The Army and Air Force could follow Navy’s lead and introduce secular roles to its chaplaincy branch to help meet the wellbeing needs of non-religious personnel, it has been revealed at Senate estimates in Canberra.
At yesterday’s hearing, Greens Senator David Shoebridge quizzed top officials about the appropriateness of the Australian Defence Force relying on religious-based chaplaincy as its primary support for a mostly non-religious workforce.
Senator Shoebridge pointed out there were only a handful of secular wellbeing officers in Navy compared to more than 300 chaplains employed across the three services’ chaplaincy branches, despite more than 60 per cent of personnel and 80 per cent of new recruits not being religious.
Head of People Capability Major General Wade Stothart (pictured) confirmed that Army and Air Force are considering adding to their chaplaincy branches a non-religious capability similar to Navy’s new secular roles, known as Maritime Spiritual Wellbeing Officers.
“I know that Army and Air Force are looking at this Navy more recent innovation to provide professional spiritual pastoral support to members from a non-religious basis,” he said.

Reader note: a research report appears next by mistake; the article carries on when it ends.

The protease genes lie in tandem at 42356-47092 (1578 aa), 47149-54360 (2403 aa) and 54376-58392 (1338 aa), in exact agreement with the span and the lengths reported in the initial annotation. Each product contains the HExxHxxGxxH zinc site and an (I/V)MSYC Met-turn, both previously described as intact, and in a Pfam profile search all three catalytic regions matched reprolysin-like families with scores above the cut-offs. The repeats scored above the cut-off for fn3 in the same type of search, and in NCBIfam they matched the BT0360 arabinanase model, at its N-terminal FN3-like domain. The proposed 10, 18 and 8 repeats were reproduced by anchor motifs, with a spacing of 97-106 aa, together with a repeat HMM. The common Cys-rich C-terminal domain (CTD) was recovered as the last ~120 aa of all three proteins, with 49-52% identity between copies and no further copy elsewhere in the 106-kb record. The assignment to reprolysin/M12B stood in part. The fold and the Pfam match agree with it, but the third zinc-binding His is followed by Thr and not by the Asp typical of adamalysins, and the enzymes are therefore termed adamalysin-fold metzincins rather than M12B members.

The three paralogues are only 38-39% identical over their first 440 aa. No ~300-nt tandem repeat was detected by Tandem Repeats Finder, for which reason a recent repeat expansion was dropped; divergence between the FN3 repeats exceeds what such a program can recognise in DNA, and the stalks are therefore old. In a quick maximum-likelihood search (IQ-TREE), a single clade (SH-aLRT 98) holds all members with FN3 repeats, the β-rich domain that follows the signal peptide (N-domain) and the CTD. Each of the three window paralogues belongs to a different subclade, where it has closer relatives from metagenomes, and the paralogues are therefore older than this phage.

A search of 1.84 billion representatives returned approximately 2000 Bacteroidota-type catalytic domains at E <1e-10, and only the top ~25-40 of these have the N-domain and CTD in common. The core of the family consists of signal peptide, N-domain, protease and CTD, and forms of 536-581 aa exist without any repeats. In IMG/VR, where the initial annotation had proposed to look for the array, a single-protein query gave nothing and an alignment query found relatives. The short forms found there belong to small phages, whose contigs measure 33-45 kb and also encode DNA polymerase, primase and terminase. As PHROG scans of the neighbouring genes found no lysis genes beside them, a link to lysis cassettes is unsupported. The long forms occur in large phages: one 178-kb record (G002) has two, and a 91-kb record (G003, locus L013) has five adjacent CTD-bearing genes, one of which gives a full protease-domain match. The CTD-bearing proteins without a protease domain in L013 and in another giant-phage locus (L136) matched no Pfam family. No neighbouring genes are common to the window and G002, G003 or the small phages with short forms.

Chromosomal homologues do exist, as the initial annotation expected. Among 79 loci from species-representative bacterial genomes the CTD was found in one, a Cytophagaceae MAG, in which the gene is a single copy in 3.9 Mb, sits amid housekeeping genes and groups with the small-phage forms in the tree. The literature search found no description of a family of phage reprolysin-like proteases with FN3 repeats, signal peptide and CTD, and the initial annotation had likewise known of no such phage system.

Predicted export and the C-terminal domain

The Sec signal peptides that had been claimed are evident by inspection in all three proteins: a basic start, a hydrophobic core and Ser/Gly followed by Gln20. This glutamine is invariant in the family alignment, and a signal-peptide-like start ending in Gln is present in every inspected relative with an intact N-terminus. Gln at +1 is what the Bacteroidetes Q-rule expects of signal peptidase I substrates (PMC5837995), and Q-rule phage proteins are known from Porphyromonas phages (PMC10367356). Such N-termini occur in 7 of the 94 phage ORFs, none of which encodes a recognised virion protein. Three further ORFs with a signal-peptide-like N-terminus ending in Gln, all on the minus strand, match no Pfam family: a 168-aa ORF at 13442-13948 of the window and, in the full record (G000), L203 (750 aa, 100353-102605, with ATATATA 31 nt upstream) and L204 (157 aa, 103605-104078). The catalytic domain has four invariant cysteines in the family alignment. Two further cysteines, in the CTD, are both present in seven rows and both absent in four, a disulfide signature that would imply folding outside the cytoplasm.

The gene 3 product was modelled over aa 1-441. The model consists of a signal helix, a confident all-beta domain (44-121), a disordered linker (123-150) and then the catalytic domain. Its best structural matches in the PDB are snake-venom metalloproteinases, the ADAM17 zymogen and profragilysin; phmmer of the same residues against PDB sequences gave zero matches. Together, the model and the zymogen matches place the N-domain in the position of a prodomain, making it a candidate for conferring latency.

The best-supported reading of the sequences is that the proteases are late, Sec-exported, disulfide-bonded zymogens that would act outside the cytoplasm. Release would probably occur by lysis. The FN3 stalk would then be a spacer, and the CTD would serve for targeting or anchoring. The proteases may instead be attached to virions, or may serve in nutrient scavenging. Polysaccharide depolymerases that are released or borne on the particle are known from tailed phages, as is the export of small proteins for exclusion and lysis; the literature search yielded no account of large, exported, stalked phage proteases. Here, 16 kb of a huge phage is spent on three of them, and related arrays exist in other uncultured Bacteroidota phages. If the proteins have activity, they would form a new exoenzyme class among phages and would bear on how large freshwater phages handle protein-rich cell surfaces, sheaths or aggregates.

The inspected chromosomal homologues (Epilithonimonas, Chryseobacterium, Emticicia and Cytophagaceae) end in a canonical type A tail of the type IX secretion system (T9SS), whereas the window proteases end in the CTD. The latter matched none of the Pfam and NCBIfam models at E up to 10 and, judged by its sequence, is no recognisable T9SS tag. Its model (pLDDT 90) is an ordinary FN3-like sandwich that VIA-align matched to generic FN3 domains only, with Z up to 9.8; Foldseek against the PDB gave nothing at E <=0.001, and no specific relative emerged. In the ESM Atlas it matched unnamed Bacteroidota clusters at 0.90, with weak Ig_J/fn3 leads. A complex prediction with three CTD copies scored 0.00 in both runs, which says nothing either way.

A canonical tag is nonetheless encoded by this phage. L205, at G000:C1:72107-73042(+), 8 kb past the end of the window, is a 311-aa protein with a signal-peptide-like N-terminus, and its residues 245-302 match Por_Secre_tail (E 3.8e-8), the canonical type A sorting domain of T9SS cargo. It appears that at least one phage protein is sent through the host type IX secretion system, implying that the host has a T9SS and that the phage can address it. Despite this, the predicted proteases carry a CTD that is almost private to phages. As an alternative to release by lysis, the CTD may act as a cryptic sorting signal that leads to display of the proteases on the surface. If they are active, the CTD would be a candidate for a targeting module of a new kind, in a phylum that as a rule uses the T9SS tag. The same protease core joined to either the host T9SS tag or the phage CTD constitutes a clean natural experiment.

The Rationalist Society of Australia has been calling on Army and Air Force to follow Navy’s lead and reform their primary model of wellbeing support and pastoral care.
In a submission to the Royal Commission into Defence and Veteran Suicide, the RSA argued that religious-based chaplaincy was failing Defence Force personnel as it put up barriers to personnel accessing appropriate care.
In a July letter to Defence Minister Richard Marles and Defence Personnel and Veterans Affairs Minister Matt Keogh, RSA president Meredith Doig asked how they would ensure that Army and Air Force follow the lead of the Navy in introducing non-religious wellbeing support officers. A reply has not been received.
At Senate estimates, Senator Shoebridge asked Vice Chief of the Defence Force Vice Admiral David Johnston whether he could “see the problem” of Defence relying on Christian-based chaplaincy to support its people.
“If the goal of the ADF is to recruit people that reflect modern Australia – multicultural, diverse Australia – do you see what a problem there is when the spiritual and pastoral care of the ADF does not reflect modern multicultural Australia and, particular, the 80 per cent of new recruits who have no religious affiliations? Do you see the problem?”
In response, Vice Admiral Johnston said the Defence Force recognised that the “needs of our people are changing” and would “contemporise” the support structures provided to personnel.
In an interview on ABC radio earlier this year, former top Navy chaplain Collin Acton OAM said the gap in religious affiliation between senior military officers and new recruits was preventing the Defence Force from making necessary reforms to modernise its chaplaincy capability. While about 75 per cent of those in the highest ranks have a religious affiliation, only about 20 per cent of incoming personnel do, he said.
Si Gladman is Campaigns & Communications Coordinator at the Rationalist Society of Australia. You can contact him at [email protected] or follow him on Twitter at @si_gladman
Photos: Commonwealth of Australia / Department of Defence